Verse 1 is a prayer for preservation from danger and it is straightforward to see how it would be a suitable prayer both for Jesus and for David. Verse 2 is a statement of commitment by which the speaker affirms that God is his Lord. Spurgeon comments regarding this declaration: ‘in his inmost heart the Lord Jesus bowed himself to do service to his heavenly Father, and before the throne of Jehovah his soul vowed allegiance to the Lord for our sakes. We are like him when our soul, truly and constantly in the presence of the heart-searching God, declares her full consent to the rule and government of the infinite Jehovah, saying, “Thou art my Lord.”’ Does the clause ‘my goodness extends not to you’ describe Jesus? Spurgeon suggests it points to the humility of Jesus.

In verse 3, the Saviour says that his people are his delight, and he is our example in estimating the worth of believers. Verse 4, on the other hand, describes Jesus’ estimation of those who are not his people and of how he detests their failure to worship the true God (‘names’ here probably refers to the titles of the false gods). So in verse 5, he repeats that his soul feeds on God (portion, when linked with cup in this verse, probably means bread). This portion Jesus regards as a wonderful and beautiful inheritance. Perhaps there is an allusion here to the manner in which Jesus participated in private and public worship, praising God for what he had done for his people.

Verse 7 indicates that Jesus, in his humanity, enjoyed being taught by the Father. As he said in John 8:28: ‘When ye have lifted up the Son of man, then shall ye know that I am he, and that I do nothing of myself; but as my Father hath taught me, I speak these things.’ The place from which he was instructed about his role was the Old Testament. ‘My reins also instruct me in the night seasons’ points to his inner concern to understand more. His determination to be instructed by God led him to spend nights meditating upon what he learned about himself in the Old Testament. In this, he is our role model. Meditation is the way to digest heavenly food. When we do so, we will have a similar outlook of praise and thankfulness as Jesus had.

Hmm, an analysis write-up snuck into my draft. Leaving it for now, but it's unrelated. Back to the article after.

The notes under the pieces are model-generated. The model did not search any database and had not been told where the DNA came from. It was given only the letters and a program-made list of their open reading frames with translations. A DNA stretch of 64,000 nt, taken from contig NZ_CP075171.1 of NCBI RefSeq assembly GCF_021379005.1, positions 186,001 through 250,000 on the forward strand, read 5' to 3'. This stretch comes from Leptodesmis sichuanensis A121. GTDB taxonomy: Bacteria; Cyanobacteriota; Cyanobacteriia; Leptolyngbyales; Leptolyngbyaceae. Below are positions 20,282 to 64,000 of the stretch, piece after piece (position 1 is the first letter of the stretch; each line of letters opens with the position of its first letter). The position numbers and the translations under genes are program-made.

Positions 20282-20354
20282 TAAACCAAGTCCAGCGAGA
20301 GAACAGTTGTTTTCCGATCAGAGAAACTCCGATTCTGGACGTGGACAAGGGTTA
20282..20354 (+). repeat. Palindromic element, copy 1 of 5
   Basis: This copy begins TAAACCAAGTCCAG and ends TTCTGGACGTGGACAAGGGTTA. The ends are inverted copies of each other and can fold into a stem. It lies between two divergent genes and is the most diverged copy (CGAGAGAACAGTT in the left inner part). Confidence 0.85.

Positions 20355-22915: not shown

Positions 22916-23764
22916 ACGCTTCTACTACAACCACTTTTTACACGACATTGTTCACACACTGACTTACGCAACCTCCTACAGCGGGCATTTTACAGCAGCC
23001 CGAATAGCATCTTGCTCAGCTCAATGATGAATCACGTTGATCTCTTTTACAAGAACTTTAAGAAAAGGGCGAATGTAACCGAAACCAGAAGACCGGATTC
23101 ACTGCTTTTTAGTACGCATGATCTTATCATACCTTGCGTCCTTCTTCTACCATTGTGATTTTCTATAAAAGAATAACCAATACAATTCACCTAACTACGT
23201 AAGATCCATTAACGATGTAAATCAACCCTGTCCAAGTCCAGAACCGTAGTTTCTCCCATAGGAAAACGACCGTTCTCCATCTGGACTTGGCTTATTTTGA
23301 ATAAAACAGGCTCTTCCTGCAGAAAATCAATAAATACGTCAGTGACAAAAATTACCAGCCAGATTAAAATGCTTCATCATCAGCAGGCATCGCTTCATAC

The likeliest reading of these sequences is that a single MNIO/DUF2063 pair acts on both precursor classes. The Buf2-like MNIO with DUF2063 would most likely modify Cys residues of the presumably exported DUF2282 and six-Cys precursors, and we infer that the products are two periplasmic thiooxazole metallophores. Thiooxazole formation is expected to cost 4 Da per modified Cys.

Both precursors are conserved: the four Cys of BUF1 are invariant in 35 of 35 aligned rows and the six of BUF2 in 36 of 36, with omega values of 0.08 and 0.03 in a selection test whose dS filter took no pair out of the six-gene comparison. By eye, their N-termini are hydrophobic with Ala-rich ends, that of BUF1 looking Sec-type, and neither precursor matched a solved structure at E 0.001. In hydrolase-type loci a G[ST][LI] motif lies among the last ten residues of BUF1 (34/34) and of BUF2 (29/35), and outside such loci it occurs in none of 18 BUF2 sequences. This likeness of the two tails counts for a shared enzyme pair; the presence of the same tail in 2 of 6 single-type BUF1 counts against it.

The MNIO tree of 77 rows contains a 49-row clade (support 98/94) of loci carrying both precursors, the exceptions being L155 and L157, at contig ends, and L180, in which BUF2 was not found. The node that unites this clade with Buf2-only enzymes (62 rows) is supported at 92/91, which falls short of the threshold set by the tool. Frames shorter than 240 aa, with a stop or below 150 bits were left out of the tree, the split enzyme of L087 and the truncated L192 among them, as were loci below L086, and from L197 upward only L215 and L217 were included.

Wednesday, 20 August 2014

The man of God (Psalm 15)

Psalm 15 is similar to Psalm 24, which may indicate that they were composed originally to celebrate the same event. Psalm 24 was written when the ark of God, symbolising his presence, was taken into the city of Jerusalem during the reign of David. The psalm also has a richer significance because the entrance of the ark was a picture of the entry of Jesus as the ascended Lord into the heavenly Jerusalem.

In Psalm 15, David asks an important question: ‘Lord, who shall abide in your tabernacle? who shall dwell in your holy hill?’ The question is important because humans are sinful and, in themselves, unable to dwell in God’s presence. So when we read the list of qualifications for entry in verses 2–5, we conclude that only a perfect person can live in God’s presence.

The reality is that only one human had these qualifications, and because he possessed them he is able to live in the presence of God. Verse 2–5 are a character profile of Jesus Christ, the only perfect man who has ever lived. Therefore, we can go through the various statements in the psalm and think of incidents in the life of Jesus that fits these descriptions.

One day, after the resurrection in the future, this list of qualifications will also describe the people of God because they then will be fully conformed to the likeness of Christ. The list details their righteous behaviour, their truthful hearts, their pure speech, their love to God’s people, and their consistent lifestyle (of course, there will not be the opportunity for usury in the eternal state). The point is that the redeemed will then be totally perfect and so will be able to dwell permanently in God’s presence.